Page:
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What a way to wake up! Time magazine now has a little piece on the
"Indus script," based apparently entirely on press releases by Rao et
al. (They didn't contact us for sure, or any specialists we know.)
> In 2004, perhaps out of befuddlement and frustration, a group ofWe have already showed that the methods they used in their Science
> scholars declared that the script marked only rudimentary pictograms
> and that the Indus Valley people were functionally illiterate. That
> hypothesis, which caused a minor uproar in the world of Indus Valley
> researchers, was recently rejected by a team of mathematicians and
> computer scientists, assembled from institutions in the United
> States and India. Their study, published initially in April in
> Science and more extensively in August in the Proceedings of the
> National Academy of the Sciences, employed computer modeling to
> prove that the Harappan script communicated language, and has
> reinvigorated attempts to crack what is one of the lingering puzzles
> of ancient history.
paper are useless in distinguishing writing from nonlinguistic
symbols. Data were also presented on that in Kyoto and Singapore -- in
the latter case in a keynote address by Sproat at the biggest annual world
conference in computational linguistics. For the evidence, see:
For unambiguous statistical evidence further backing that Refutation,
and for links to discussions of other computational linguists who
have independently debunked Rao's work, see:
Do these reporters ever do anything besides rewrite press releases
from Rao et al.? Do they ever read any of these papers or phone other
researchers for their opinions?
On the PNAS paper, I had this to say when it came out a few weeks
ago (also contains a link to the abstract of Richard Sproat's keynote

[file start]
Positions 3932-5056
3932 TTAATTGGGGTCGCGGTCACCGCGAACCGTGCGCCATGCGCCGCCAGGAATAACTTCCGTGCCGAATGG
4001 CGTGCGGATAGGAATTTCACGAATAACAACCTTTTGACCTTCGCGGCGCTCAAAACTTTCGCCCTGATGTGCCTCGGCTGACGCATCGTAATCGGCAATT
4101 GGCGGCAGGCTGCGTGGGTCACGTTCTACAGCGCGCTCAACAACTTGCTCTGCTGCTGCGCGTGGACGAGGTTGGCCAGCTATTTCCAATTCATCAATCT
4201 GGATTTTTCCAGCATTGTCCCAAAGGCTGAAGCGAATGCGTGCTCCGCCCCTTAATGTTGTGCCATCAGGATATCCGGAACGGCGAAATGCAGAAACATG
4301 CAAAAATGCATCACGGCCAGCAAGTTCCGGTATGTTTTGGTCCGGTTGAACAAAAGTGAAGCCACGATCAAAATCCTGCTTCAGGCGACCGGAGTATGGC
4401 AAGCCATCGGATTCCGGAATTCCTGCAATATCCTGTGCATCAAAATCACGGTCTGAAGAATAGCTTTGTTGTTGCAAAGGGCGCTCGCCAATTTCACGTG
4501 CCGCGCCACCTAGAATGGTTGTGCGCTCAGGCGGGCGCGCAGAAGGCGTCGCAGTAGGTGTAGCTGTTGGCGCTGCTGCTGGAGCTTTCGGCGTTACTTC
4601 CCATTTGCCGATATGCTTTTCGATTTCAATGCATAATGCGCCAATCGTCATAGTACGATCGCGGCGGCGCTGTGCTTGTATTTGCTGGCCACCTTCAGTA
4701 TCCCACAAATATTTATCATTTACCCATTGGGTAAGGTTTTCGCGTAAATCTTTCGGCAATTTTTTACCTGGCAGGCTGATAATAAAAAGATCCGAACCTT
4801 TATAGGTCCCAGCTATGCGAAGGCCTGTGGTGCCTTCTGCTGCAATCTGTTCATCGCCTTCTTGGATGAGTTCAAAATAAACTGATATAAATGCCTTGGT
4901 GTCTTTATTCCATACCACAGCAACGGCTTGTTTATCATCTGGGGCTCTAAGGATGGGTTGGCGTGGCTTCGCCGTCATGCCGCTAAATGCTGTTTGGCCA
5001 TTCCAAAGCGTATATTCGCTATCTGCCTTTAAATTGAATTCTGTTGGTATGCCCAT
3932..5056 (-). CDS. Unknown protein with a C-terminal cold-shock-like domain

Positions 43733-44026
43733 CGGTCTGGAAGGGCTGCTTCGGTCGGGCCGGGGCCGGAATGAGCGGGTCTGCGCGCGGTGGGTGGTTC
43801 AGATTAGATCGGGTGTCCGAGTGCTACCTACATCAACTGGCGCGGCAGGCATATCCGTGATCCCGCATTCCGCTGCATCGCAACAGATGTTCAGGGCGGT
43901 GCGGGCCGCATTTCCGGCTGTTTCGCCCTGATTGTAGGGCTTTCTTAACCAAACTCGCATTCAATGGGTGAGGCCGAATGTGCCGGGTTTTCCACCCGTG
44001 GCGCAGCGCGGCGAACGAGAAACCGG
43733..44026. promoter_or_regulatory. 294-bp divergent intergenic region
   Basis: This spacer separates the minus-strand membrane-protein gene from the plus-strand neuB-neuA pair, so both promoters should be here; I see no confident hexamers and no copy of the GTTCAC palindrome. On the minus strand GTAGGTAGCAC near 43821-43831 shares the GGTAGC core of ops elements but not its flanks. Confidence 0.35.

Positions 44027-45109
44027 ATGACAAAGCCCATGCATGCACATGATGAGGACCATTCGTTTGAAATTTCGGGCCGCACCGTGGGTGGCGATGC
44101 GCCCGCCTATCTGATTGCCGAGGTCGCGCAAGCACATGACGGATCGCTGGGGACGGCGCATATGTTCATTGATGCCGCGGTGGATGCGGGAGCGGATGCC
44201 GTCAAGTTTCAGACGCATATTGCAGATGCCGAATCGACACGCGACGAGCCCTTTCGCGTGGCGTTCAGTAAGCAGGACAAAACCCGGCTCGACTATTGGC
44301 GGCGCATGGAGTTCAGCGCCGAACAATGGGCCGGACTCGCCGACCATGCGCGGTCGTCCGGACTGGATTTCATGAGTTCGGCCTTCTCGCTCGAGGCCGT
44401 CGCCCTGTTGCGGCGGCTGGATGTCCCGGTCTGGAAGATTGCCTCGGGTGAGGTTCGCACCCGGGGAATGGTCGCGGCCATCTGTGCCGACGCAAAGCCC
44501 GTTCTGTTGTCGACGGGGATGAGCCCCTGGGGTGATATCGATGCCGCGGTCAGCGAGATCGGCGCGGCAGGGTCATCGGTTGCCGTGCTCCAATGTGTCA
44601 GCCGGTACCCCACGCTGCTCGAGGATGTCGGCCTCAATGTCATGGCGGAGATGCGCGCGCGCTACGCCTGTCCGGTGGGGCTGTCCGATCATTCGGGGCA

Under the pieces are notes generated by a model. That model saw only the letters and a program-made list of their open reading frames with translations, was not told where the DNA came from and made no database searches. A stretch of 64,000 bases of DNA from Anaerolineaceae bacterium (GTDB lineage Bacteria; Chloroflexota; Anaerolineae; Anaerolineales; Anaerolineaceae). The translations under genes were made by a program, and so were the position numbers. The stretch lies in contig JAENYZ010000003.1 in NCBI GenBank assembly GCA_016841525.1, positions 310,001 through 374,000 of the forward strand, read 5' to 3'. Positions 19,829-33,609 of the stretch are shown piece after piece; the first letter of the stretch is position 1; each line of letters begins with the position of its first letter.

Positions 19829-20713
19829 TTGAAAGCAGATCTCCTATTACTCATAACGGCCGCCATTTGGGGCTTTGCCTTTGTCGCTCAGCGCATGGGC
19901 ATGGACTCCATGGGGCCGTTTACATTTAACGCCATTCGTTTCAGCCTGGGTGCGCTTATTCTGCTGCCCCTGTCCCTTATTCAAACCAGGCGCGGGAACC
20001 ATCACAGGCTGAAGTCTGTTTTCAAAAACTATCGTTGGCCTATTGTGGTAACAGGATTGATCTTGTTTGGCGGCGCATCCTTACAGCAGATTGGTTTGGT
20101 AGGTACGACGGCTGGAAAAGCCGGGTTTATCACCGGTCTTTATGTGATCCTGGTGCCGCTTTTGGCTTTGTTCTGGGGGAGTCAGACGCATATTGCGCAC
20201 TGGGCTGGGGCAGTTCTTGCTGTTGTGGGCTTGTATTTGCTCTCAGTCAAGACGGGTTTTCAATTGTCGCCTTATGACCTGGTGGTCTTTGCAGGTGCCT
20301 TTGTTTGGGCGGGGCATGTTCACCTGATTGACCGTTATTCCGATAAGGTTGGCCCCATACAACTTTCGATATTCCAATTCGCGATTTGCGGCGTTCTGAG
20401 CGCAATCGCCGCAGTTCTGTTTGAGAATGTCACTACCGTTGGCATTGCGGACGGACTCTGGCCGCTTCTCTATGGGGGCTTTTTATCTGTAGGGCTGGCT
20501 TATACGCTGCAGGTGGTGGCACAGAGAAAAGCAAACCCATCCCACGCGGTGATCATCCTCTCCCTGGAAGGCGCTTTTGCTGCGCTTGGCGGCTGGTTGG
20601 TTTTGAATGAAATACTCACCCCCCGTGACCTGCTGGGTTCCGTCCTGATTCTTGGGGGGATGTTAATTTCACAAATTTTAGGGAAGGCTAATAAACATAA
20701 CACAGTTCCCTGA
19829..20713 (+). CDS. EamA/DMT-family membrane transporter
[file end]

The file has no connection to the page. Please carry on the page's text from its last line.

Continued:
address in Singapore):
In brief: the PNAS paper tells us exactly what we've known since the
1920s, as Michael also has pointed out: that Indus symbols (like ALL
nontrivial symbol systems, nonlinguistic and linguistic alike) have
some kind of positional order in them. No one has questioned the fact
that Indus signs come in clusters, etc., ever since Hunter published his
dissertation on the "script" in 1929. The Soviets and Finns also used
computational methods to "prove" that 45 years ago (!), and it has been
"proven" in many ways by others since.
It has absolutely nothing to do with whether or not the symbols are
linguistic, and there is nothing at all original about the work of Rao
et al. besides the fact that they used *different* statistical methods
than used by many before them to "prove" what no one has
questioned since the 1920s.
Now also on my webpage, announcing a new paper in which we expand on
this and provide new statistical evidence, in a note I put up a few days ago:
> Note added 30 August: A new article by the same group making similarSee also what we already said about the inadequacy of simple statistical
> claims has now been published [in late August] in PNAS. All their
> new paper does is show again what has been unquestioned since the
> 1920s -- and which was shown in fact using other computational
> methods by the Soviets and Finns 45 years ago!: that there is
> "order" of some sort in Indus symbols. But that obvious conclusion
> has nothing to do with whether the symbols are speech-encoding
> [i.e., true writing] or not, since all non-trivial symbol systems
> have the same property, as we have shown now in many publications.
> We're currently writing a paper that will hopefully kill off this
> line of reasoning once and for all -- providing further detailed
> evidence that simple statistical measures like those used by Rao et
> al. are useless in distinguishing writing from garden-variety
> religious and political symbols, alchemical formulae, medieval
> heraldic symbols, or military medals, etc. Our reductio ad absurdum
> of the general approach of Rao et al. will be published in September
methods to distinguish writing from nonlinguistic sytstems in our 2004
paper. The reason we discuss so much overlapping evidence in that
paper (archaeological, statistical, linguistic) is precisely because
simple statistical methods aren't capable of making such a distinction.
Rao et al. don't discuss a single inscription but base their work
*totally* on a 1977 (!) concordance of inscriptions by Mahadevan that
*already* contained tables of symbol clusters in an appendix.
Our paper again:
As noted above, we are currently writing a formal response to the PNAS
paper that not only points this out but demonstrates it in respect to
nonlinguistic sign systems. But we don't have the resources to respond
to every news story of this nature, which propagate like
rabbits in heat. Our paper will be published later this month and
posted everywhere we can. These stories in mass circulation magazines
have their impact, however, and they NEVER publish retractions.
The quality of popular science stories has ironically gotten much
worse since Internet arrived on the scene. Explaining that is a bigger
puzzle that needs to be "cracked."
Frustrated and befuddled indeed,